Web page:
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Title: Comparison of serological and molecular tests for detection of Trypanosoma evansi in domestic animals from Ghardaïa district, South Algeria
Authors: Benfodil, Karima
Büscher, Philippe
Abdelli, Amine
Van Reet, Nick
Mohamed Cherif, Abdellah
Ansel, Samir
Fettata, Said
Dehou, Sara
Bebronne, Nicolas
Geerts, Manon
Balharbi, Fatima
Ait-Oudhia, Khatima
Keywords: Trypanosoma evansi
Immune trypanolysis
Diagnostic accuracy
Issue Date: 19-Mar-2020
Publisher: Université de Bouira
Citation: Veterinary Parasitology Volume 280, 109089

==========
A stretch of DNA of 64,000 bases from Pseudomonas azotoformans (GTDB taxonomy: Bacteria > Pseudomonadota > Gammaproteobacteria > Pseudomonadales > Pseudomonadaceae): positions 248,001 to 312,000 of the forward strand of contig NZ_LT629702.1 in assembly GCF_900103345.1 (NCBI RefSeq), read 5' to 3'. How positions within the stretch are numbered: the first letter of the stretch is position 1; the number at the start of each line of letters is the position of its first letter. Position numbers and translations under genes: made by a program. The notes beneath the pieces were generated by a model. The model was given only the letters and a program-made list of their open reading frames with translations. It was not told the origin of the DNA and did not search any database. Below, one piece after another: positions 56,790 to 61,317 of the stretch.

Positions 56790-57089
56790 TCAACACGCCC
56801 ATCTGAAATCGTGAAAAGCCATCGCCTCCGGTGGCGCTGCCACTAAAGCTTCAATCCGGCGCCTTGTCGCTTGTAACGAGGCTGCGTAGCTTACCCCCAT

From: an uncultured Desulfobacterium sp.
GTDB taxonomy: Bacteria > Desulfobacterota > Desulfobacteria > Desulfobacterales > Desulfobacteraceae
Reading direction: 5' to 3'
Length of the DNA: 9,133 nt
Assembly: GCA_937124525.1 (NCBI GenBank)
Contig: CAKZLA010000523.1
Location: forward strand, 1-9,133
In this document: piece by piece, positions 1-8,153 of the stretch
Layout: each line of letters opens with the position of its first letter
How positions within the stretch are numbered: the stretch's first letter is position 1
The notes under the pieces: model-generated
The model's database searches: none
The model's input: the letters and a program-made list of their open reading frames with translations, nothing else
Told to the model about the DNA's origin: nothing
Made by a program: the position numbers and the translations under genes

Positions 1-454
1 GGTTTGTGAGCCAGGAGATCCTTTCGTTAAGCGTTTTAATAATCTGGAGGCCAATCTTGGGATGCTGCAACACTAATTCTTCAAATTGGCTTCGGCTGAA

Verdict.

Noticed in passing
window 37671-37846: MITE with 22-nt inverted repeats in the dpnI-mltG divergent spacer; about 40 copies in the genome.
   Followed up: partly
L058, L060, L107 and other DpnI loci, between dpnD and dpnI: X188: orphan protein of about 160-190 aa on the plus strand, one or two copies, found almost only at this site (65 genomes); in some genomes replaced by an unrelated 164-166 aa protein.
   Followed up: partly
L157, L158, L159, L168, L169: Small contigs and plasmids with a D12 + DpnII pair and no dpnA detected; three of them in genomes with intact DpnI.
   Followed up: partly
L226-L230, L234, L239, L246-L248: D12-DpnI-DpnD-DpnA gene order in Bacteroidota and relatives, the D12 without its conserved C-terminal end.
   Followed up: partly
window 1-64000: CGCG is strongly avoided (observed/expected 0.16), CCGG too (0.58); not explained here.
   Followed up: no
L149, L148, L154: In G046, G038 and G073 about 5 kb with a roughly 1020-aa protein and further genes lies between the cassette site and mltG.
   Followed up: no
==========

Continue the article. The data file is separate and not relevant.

Abstract: Trypanosoma evansi (T. evansi) is a hemoflagellate parasite that affects a broad range of mammalian hosts and that causes a disease called surra. Diagnosis of surra based on clinical symptoms alone is inaccurate. Therefore, a variety of serological and molecular diagnostic tests are used to assist in the detection of T. evansi infections. The aim of this study was to compare the diagnostic performance of four serological tests (CATT/T.evansi, immune trypanolysis, ELISA with purified variant surface glycoprotein RoTat 1.2 and with whole cell lysate) and two molecular PCR tests targeting sequences within the ribosomal genes locus (ITS1 TD PCR and 18S qPCR). Tests were carried out on blood samples from 161 dromedary camels, 93 horses, 129 goats, 168 sheep, 127 bovines and 76 dogs. Latent class analysis was carried out to calculate the sensitivity and specificity of each diagnostic test. Cohen’s Kappa test was used to assess the concordance between the different diagnostic tests. Overall positivity rates observed with the serological tests were as follows: 3.1 % with CATT/T.evansi, 4.9 % with ELISA/RoTat 1.2, 3.4 % with ELISA/whole lysate and 2.0 % with immune trypanolysis (TL). Among the 754 samples tested with the molecular tests, 1.7 % were positive with 18S qPCR and 1.3 % with ITS1 TD PCR. Cohen’s Kappa test showed agreement ranging from fair to substantial (k = 0.2-0.8) between serological diagnostic tests. However, it showed a perfect agreement (k = 0.868) between molecular diagnostic tests. Latent class analysis showed that all serological tests were 100 % sensitive, in contrast to the molecular tests with 47 % sensitivity. All tests, though, were highly specific (≥ 97 %). Given the persistence of circulating antibodies after cure, detectable by serological tests, it is recommend combining a serological and a molecular diagnostic test for accurate diagnosis of infection with T. evansi in domestic animals.
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